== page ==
We’ve come a long way in the A to Z Challenge! With the exception of J. D. Salinger and Graham Greene, every author I’ve featured lived in an era completely different from ours. But today’s book is written by someone who died just last year. Somehow that makes her feel more relevant, and when you read the book, you’ll understand why.
To Kill a Mockingbird is regarded as one of the best American classics ever, and with good reason! While the main theme of the story is about treating people without discrimination, it’s also about displaying courage, standing up for what’s right, as well as growing up. The story is told through the eyes of little Scout, and what her innocent mind infers from the happenings around her. Her brother Jem is her partner in her adventures, and they live with their lawyer father, Atticus Finch.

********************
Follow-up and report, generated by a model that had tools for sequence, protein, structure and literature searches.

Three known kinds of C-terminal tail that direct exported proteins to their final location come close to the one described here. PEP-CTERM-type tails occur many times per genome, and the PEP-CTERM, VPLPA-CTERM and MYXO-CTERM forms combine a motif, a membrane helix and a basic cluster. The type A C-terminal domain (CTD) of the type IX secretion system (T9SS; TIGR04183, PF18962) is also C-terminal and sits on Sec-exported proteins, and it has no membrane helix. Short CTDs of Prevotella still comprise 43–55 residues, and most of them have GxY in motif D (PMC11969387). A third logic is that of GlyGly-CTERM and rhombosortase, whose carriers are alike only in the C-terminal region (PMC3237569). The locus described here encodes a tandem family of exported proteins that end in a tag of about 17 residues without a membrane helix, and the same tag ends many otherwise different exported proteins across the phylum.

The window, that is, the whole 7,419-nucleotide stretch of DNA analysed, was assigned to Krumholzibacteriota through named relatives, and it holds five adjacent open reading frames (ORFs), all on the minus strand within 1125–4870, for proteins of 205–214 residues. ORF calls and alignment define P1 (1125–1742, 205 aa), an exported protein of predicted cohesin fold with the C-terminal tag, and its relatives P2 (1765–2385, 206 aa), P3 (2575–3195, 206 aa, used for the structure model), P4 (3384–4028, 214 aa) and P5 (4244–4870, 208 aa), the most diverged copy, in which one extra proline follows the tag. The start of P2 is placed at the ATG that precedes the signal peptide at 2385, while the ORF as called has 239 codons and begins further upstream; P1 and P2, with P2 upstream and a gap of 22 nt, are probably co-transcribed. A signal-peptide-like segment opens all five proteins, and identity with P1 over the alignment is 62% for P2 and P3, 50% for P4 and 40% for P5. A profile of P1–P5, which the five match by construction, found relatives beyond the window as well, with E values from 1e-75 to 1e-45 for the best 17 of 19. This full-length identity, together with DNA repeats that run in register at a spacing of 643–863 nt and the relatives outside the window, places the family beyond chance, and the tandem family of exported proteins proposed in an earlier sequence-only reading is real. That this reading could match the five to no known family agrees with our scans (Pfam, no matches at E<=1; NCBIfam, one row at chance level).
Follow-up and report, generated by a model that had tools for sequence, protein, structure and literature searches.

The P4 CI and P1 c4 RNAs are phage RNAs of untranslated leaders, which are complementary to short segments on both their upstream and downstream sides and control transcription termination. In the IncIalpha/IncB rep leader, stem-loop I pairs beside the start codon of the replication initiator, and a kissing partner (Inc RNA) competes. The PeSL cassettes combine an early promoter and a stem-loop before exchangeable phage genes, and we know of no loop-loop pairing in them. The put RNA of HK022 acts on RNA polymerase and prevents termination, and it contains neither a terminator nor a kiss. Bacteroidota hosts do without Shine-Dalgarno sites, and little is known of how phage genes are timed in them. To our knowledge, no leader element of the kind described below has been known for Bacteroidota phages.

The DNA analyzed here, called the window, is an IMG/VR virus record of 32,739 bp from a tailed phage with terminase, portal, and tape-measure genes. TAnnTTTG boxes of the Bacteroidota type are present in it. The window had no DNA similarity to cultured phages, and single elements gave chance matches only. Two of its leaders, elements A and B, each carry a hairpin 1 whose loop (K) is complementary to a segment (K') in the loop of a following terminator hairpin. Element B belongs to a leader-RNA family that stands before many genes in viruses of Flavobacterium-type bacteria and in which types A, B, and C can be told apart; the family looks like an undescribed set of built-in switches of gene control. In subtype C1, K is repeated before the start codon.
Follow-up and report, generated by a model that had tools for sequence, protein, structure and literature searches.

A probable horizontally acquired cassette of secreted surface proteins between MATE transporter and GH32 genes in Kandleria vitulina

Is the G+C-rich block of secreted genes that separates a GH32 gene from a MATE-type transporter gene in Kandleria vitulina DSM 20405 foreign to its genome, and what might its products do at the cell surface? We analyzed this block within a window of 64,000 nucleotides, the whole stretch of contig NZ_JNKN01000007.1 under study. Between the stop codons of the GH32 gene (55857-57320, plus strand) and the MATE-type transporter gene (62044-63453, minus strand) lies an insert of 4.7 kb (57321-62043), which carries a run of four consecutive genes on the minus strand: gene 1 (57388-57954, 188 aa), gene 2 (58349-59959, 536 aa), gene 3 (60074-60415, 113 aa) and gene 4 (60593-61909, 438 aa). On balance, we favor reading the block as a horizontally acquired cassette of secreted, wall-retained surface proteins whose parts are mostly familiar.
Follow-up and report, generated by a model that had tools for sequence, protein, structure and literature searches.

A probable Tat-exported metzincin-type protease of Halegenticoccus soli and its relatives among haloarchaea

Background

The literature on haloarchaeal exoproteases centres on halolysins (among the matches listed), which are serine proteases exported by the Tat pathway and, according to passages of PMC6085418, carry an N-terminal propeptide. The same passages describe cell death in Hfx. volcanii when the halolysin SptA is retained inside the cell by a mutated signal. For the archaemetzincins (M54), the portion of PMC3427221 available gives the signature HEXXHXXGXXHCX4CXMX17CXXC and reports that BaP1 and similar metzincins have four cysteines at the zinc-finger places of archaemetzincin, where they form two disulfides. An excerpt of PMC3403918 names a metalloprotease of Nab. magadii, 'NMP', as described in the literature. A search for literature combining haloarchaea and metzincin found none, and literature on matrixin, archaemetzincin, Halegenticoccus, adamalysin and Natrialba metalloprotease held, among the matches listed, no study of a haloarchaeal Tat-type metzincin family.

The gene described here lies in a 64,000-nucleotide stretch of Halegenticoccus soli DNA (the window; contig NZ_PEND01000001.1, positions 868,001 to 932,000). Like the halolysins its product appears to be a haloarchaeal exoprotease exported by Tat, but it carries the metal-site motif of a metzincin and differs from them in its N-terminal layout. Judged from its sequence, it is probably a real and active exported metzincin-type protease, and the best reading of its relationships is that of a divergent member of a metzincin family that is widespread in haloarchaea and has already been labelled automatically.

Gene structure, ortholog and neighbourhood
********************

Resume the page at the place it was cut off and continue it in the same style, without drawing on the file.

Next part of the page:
Although Scout is the protagonist of the story, it is Atticus who is the ‘hero’. He is considered the perfect gentleman, the ideal that every person must strive to be. The pearls of wisdom he gives Scout from time to time make up the best parts of the book. They’re just simple sentences with common sense, but which have profound meaning in today’s world.
Why ‘Mockingbird’? According to the book, killing a mockingbird is the ultimate sin, since it is an innocent creature that never harms anyone and only creates music. The mockingbird is used as an analogy for the trial of the black man whom Atticus is defending. This single incident brings forth the true colors of all the people living there, regardless of whether they’re directly involved in the case or not.
You wish the case had a better ending, but that’s what the author is trying to tell you; people’s bad thoughts can result in bad things happening to good people. Considering the kind of divisiveness we’re living among now, this book has never been more relevant. As Scout says, “I think there’s just one kind of folks. Folks.”